Sunday, September 22, 2013

Clinton, BC - 150 Years Old

"Staying true to its rawhide roots today, Clinton’s Main Street still exudes a Wild West flavour, with many of the buildings boasting their original storefronts, restored to retain the western atmosphere and character." [from Visit British Columbia]

Maybe that's what lured us, after getting gas, to just park on the main street - Cariboo Highway - and walk around.  And then pull out my camera.

After the discovery of gold in the Cariboo, Royal Engineers were commissioned to build a road through the Fraser Canyon to the Cariboo to join the already existing wagon road from Lillooet to 47 Mile. The junction was 47 miles from Lillooet and thus 47 Mile was the name used until 1863, when 47 Mile officially became Clinton. The community also boasts of hosting one of British Columbia's oldest continuously running events, the "Clinton Annual Ball," held in May of each year.  []

"Once a busy junction on the wagon road leading to the Cariboo and Barkerville gold fields, Clinton was originally known as The Junction, and Cut Off Valley, before being renamed in 1863, honouring the Colonial Secretary, Henry Pelham Clinton, the 5th Duke of Newcastle." [Visit British Columbia]

The sign in front of this old Church says
"High Bar First Nations."

I looked hard to find more than business info on the High Bar and eventually went back to the Wikipedia entry:

"The High Bar First Nation is a First Nations government of the Secwepemc (Shuswap) Nation, located in the Fraser Canyon-Cariboo region of the Central Interior of the Canadian province of British Columbia. It was created when the government of the then-Colony of British Columbia established an Indian Reserve system in the 1860s. It is one of three Secwepemc bands that is not a member of either the Shuswap Nation Tribal Council or the Northern Shuswap Tribal Council. The High Bar people are also partly Tsilhqot'in and have links with some Chilcotin First Nations.
In the Chilcotin language, the High Bar people are the Llenlleney'ten. The Secwepemc in the Fraser Canyon and on the Chilcotin Plateau are also known as the Canyon Shuswap and have traditionally had close ties with the Tsilhqot'in people."
The High Bar First Nations Facebook page offers a little more information.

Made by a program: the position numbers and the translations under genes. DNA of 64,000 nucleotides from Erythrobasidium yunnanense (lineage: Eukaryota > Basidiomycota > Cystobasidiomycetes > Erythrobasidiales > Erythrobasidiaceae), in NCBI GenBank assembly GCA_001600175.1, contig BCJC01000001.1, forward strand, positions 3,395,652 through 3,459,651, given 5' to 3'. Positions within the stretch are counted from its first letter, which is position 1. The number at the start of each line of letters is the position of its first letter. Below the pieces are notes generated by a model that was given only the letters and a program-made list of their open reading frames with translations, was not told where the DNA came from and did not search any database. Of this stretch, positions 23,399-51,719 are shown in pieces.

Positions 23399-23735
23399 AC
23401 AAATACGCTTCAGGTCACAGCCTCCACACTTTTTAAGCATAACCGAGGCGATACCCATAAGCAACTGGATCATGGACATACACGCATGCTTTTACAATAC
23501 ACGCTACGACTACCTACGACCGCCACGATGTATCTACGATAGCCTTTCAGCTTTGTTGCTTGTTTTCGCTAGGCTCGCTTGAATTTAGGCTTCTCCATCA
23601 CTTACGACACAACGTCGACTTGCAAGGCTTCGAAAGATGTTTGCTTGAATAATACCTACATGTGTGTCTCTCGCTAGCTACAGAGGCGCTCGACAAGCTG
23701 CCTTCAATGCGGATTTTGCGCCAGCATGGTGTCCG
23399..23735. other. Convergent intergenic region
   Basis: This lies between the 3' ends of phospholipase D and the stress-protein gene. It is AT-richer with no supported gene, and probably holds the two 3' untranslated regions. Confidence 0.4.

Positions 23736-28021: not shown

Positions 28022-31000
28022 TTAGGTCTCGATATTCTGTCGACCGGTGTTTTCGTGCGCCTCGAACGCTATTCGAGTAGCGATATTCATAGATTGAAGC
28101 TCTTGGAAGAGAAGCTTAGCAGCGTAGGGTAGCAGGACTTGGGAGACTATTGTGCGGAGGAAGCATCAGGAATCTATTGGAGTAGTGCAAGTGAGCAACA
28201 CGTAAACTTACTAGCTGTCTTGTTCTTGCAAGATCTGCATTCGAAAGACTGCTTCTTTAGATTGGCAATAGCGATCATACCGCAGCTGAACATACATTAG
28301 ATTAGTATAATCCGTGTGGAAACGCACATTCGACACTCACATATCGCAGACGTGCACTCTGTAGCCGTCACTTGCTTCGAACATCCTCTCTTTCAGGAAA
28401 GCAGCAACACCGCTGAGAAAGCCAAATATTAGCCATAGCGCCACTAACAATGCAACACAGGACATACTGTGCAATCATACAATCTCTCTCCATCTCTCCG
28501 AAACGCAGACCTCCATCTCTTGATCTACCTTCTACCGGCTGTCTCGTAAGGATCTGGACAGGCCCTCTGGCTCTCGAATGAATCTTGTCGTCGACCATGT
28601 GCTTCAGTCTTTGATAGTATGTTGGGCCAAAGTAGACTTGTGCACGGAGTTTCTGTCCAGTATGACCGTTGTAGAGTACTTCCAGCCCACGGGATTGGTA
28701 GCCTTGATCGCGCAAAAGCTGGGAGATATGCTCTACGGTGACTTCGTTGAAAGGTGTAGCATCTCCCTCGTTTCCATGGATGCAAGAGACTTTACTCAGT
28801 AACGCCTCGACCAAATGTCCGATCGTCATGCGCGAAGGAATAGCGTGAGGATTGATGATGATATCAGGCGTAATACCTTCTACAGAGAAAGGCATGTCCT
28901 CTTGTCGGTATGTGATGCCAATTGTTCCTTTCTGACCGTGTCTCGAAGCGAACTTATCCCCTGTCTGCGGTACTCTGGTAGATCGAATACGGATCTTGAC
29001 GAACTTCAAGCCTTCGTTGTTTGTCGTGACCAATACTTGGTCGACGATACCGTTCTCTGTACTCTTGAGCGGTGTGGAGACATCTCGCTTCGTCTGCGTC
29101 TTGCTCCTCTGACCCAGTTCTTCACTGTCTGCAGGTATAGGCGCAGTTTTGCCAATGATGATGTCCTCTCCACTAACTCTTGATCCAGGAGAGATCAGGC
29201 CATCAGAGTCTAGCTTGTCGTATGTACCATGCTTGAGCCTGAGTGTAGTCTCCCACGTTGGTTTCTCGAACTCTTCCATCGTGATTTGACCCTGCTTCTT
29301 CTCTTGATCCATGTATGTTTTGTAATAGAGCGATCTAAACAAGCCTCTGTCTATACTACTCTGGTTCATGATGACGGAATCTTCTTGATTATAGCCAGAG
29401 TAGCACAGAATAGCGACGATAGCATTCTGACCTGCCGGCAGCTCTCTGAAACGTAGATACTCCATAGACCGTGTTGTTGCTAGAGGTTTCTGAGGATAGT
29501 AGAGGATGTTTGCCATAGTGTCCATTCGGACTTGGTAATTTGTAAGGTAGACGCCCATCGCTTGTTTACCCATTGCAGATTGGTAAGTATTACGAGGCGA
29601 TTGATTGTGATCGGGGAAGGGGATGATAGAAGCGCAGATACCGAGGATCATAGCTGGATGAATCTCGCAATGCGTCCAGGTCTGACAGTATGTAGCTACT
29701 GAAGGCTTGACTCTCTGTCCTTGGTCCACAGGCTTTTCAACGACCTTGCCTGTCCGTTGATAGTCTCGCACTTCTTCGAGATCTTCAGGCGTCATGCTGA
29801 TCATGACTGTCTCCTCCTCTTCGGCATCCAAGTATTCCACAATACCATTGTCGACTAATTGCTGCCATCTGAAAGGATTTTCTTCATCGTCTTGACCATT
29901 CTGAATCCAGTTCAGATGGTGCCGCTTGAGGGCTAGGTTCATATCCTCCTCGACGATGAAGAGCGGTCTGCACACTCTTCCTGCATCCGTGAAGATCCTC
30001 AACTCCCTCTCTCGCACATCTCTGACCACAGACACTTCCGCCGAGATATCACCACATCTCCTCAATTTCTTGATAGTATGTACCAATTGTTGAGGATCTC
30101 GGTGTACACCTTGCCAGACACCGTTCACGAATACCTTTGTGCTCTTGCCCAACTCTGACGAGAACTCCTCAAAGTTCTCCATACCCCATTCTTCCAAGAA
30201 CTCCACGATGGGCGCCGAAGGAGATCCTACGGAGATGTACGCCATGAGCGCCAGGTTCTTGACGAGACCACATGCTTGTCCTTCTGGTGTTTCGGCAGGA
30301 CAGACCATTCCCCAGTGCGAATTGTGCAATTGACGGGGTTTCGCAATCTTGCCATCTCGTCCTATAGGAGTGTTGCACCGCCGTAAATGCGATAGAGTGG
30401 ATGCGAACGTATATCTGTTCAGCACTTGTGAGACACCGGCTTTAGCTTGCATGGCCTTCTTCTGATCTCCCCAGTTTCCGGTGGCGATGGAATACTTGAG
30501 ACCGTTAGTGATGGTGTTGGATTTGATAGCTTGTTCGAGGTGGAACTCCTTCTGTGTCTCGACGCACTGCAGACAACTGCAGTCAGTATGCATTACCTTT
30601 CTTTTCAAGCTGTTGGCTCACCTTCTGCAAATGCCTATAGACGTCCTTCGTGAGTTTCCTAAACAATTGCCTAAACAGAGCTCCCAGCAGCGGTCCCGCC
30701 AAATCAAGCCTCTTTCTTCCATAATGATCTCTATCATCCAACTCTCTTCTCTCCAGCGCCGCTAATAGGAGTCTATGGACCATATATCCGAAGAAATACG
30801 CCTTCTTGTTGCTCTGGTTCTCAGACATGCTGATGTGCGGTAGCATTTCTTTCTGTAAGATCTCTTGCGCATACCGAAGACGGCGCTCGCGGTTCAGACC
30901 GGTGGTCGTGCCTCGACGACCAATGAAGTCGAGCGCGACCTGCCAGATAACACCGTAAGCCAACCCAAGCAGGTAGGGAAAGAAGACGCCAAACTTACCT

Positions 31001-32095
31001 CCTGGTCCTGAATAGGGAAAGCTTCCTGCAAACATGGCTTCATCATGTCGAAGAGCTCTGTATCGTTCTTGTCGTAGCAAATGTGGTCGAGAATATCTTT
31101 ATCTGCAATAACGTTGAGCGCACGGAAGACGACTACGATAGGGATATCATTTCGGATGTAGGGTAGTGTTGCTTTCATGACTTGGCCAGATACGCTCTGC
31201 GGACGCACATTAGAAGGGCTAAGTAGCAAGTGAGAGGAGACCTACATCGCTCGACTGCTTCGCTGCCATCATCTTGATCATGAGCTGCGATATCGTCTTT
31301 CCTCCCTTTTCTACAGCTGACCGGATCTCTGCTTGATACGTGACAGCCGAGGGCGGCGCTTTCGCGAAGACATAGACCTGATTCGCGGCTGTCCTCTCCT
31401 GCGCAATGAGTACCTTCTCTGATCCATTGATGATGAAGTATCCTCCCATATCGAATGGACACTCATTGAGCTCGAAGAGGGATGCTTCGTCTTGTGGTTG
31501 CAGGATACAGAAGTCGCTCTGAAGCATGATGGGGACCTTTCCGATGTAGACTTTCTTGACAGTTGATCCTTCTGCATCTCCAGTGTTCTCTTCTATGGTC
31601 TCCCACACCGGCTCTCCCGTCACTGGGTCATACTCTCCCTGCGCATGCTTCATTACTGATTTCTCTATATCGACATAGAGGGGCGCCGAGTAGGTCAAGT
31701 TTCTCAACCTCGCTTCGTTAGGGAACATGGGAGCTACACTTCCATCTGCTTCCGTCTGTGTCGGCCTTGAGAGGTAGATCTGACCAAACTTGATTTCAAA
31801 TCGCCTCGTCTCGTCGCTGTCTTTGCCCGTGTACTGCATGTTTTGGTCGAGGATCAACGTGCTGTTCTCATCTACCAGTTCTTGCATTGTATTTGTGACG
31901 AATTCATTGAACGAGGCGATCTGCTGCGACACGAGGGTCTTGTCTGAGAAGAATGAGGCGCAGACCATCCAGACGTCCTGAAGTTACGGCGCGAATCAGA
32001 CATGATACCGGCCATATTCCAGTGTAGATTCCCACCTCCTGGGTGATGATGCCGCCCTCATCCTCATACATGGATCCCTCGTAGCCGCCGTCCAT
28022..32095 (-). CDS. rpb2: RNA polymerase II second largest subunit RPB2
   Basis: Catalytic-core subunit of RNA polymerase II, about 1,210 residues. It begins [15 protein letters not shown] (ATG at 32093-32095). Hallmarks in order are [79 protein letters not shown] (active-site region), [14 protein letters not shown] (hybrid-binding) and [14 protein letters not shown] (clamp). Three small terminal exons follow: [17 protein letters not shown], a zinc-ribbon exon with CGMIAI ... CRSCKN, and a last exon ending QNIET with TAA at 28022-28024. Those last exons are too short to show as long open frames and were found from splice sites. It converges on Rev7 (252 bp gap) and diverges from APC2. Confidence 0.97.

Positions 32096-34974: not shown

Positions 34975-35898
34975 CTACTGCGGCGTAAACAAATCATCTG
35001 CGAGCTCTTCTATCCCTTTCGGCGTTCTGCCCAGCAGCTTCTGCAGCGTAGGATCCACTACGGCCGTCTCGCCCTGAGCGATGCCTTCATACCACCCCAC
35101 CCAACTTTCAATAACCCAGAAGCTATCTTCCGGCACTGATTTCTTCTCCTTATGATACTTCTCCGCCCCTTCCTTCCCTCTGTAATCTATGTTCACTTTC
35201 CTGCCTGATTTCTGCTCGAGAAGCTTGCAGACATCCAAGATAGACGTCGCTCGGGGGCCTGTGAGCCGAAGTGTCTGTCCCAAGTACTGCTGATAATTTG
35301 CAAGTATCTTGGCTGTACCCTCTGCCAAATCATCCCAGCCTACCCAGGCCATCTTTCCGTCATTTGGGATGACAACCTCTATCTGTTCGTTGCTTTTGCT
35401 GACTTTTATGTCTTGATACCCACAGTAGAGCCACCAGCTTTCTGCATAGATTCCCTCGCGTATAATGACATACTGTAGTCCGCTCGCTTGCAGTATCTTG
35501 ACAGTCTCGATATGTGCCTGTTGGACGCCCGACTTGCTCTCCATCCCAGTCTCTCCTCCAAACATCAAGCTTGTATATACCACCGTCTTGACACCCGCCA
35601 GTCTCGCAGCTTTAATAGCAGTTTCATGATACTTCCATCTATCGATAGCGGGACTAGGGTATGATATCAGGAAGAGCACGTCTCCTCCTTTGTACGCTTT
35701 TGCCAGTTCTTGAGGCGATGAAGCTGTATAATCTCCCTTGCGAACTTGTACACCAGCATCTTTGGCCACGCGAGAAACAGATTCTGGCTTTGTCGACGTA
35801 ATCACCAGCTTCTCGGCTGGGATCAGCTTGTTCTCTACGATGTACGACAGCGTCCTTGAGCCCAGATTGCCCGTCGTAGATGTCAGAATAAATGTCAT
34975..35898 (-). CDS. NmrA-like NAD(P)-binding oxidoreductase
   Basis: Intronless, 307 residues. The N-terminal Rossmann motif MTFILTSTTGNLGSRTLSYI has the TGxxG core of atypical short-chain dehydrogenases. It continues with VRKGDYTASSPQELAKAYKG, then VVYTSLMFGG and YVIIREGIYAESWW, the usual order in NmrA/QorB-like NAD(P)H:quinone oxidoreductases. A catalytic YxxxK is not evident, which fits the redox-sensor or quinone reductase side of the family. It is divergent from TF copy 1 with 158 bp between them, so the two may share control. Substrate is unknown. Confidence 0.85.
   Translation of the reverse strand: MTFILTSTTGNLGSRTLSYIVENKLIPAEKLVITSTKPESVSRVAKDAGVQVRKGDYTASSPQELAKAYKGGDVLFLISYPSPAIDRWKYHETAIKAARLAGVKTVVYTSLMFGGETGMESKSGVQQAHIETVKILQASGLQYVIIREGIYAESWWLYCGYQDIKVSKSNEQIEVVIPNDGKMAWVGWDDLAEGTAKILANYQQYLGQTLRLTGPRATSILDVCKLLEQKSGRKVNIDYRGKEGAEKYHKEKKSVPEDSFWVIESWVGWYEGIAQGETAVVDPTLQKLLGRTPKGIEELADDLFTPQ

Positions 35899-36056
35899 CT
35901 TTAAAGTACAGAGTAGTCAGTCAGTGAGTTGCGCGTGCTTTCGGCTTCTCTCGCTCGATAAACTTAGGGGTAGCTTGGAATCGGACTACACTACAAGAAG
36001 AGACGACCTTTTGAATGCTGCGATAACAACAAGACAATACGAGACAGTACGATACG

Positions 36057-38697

This painting on the builiding looks a lot like Southeast Alaska art work.  I don't know the relationship between the High Bar and Tlingit/Haida peoples.  

Our modern world changes how we know and what we can know easily.  Just googling the address I found the listing for this house.  They want $215,000 (that's Canadian, but pretty close to US.)

We also learned about Clinton the old fashioned way.  We talked to Bruce who owns this second hand store.  Even after figuring out we weren't planning on buying anything, he was friendly and talkative.  He was less sanguine about Clinton suggesting it was more like a town in a Stephen King novel and that the Many Good Things sign was an allusion to King. (I couldn't find the book it comes from, but I did learn that a lot of people use the phrase "I've heard many good things" when they post about Stephen King.)  He's also a former figure skating coach and an artist. 

I didn't check online for the price of this motorcycle, but if someone is really interested, email me.  The phone number is legible on the original.

Google came up blank on Mr. and Mrs. Joe Dealz.  I think it's a great title for a book. 

The museum.

I do appreciate people who make the extra effort to do things like design their fence around a rock. 

An historical cairn in Clinton marks the junction of two routes to the Cariboo gold mines; The original 1859 Cariboo Trail from Lillooet, and the Cariboo Road through the Fraser Canyon, built in 1863 by the Royal Engineers.
Situated halfway to these gold fields, Clinton was an ideal place for weary travellers suffering from gold fever to stop for a rest, food, entertainment, and even encouragement. Clinton grew with the demand for these services. [from Visit British Columbia]

I guess this is the 150th Anniversary of this town becoming Clinton.  Travel British Columbia says 793 people live in Clinton.  City Data says 636 in 2011.  They also had a map.   Clinton's the blue spot in the upper right.  Click to make it clearer and bigger.

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